Monday, December 28, 2009

Top 10 Movies we Watched in 2009

As I've mentioned (probably to point you are sick of reading about it) we watch movies while we work out on our indoor trainers in the Pain Cave (otherwise known as the basement).

It is the time of year for Top 10 Lists, so I decided to jump on the bandwagon. These are listed in the order we saw them, not in a ranking order.

All 10 get top marks from us – they engaged us, made us think, entertained or inspired us – as films are meant to do.

Young at Heart []

The current performers in Young@Heart range in age from 73 to 89. There are some with prior professional theater or music experience, others who have performed extensively on the amateur level, and some who never stepped onto a stage before turning eighty.

The movie concentrates on the rigorous two-month preparations for a 2006 concert at the Academy Theater in Northampton. Rehearsals (there are three a week) are quite demanding; the challenge only makes it more exciting.

The Long Green Line, “a film about running, teamwork and life.”

The Boys Cross Country team at York High School in Elmhurst, Illinois is the most winning high school team in any sport in the entire United States, a feat accomplished in no small part by the caring mentorship of Joe Newton, who has been coaching that team for half a decade. In a sport where only the top five athletes per team score points and only even are included in the competition, a staggering 214 boys have joined the York team simply to be in the presence of such an iconic and inspirational leader.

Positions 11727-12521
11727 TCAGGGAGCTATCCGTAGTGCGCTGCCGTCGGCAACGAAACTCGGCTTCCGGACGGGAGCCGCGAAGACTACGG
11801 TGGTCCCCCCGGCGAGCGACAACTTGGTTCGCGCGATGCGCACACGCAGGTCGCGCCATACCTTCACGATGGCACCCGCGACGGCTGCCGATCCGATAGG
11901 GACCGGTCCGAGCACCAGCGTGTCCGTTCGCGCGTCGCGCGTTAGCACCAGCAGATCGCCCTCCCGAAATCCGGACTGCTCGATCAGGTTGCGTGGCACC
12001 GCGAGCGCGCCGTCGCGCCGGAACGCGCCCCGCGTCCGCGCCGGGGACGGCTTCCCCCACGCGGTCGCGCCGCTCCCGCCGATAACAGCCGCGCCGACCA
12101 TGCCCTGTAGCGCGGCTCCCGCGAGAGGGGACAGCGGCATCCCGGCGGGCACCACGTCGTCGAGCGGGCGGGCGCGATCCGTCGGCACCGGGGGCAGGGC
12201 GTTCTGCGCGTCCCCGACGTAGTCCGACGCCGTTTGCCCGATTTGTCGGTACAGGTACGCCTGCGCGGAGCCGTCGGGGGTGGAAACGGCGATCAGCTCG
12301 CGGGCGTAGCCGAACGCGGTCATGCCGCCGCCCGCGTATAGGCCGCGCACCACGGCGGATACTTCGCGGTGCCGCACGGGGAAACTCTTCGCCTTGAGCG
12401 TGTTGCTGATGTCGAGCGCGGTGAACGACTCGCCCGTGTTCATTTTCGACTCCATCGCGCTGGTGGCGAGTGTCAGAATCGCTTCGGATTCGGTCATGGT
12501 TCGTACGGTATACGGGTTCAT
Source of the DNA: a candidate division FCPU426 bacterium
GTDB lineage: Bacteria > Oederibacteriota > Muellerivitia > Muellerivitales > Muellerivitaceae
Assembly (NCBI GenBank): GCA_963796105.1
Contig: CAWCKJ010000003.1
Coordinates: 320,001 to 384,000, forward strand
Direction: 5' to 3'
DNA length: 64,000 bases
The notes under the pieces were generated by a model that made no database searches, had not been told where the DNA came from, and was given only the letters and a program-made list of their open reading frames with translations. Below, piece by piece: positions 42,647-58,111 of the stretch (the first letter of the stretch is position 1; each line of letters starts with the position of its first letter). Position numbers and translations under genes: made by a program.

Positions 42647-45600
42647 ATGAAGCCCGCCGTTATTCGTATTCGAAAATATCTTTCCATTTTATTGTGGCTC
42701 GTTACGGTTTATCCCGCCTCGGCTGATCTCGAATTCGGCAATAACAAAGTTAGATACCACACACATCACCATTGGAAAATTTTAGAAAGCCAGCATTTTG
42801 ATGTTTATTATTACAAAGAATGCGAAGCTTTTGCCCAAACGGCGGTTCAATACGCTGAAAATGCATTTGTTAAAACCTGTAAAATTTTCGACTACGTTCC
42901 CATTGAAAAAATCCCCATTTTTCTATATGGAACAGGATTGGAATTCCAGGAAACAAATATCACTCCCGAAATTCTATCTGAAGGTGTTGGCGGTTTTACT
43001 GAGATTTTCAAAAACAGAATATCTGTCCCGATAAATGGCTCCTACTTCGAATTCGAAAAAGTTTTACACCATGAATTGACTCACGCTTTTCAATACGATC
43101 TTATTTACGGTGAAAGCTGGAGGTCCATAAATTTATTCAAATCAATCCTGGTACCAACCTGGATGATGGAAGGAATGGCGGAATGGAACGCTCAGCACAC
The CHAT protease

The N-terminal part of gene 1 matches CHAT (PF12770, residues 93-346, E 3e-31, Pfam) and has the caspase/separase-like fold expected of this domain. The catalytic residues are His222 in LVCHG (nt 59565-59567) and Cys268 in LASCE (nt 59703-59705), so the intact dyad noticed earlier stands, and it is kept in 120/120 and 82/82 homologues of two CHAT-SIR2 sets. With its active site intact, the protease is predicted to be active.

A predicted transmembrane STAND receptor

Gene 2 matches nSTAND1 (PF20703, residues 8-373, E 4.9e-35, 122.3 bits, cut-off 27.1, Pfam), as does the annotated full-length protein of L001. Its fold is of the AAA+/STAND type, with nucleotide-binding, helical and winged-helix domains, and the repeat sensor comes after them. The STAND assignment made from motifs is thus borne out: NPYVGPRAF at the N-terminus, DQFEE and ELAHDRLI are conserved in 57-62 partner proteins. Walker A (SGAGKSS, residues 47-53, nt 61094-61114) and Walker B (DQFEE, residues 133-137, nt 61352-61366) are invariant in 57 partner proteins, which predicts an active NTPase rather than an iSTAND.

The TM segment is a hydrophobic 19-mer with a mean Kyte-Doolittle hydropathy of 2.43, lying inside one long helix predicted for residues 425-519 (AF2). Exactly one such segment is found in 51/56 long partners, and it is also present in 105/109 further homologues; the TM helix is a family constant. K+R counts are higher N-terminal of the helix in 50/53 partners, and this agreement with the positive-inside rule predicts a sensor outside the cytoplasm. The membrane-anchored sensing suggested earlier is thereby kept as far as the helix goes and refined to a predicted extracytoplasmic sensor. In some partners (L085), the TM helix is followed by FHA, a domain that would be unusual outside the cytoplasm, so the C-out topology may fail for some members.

Taking Chance 

In April 2004, Lieutenant Colonel Michael Strobl, USMC, came across the name of 19-year-old Lance Corporal Chance Phelps, a young Marine who had been killed by hostile fire in Al Anbar Province, Iraq. Strobl, a Desert Storm veteran with 17 years of military service, requested that he be assigned for military escort duty to accompany Chance's remains to his family in Dubois, Wyo. Witnessing the spontaneous outpouring of support and respect for the fallen Marine - from the groundskeepers he passed along the road to the cargo handlers at the airport - Strobl was moved to capture the experience in his personal journal.

'Taking Chance' chronicles one of the silent, virtually unseen journeys that takes place every day across the country, bearing witness to the fallen and all those who, literally and figuratively, carry them home. A uniquely non-political film about the war in Iraq, the film pays tribute to all of the men and women who have given their lives in military service as well as their families.

King Corn[]
Behind America’s dollar hamburgers and 72-ounce sodas is a key ingredient that quietly fuels our fast-food nation: corn. In KING CORN, recent college graduates Ian Cheney and Curt Ellis leave the east coast for rural Iowa, where they decide to grow an acre of the nation’s most powerful crop.

But where will all that corn go? With their crop growing head-high, Ian and Curt leave the farm to see where America’s abundance of corn ends up. As they enter America’s industrial kitchen, they are forced to confront the realities of their crop’s - and our nation's - future.

Running on the Sun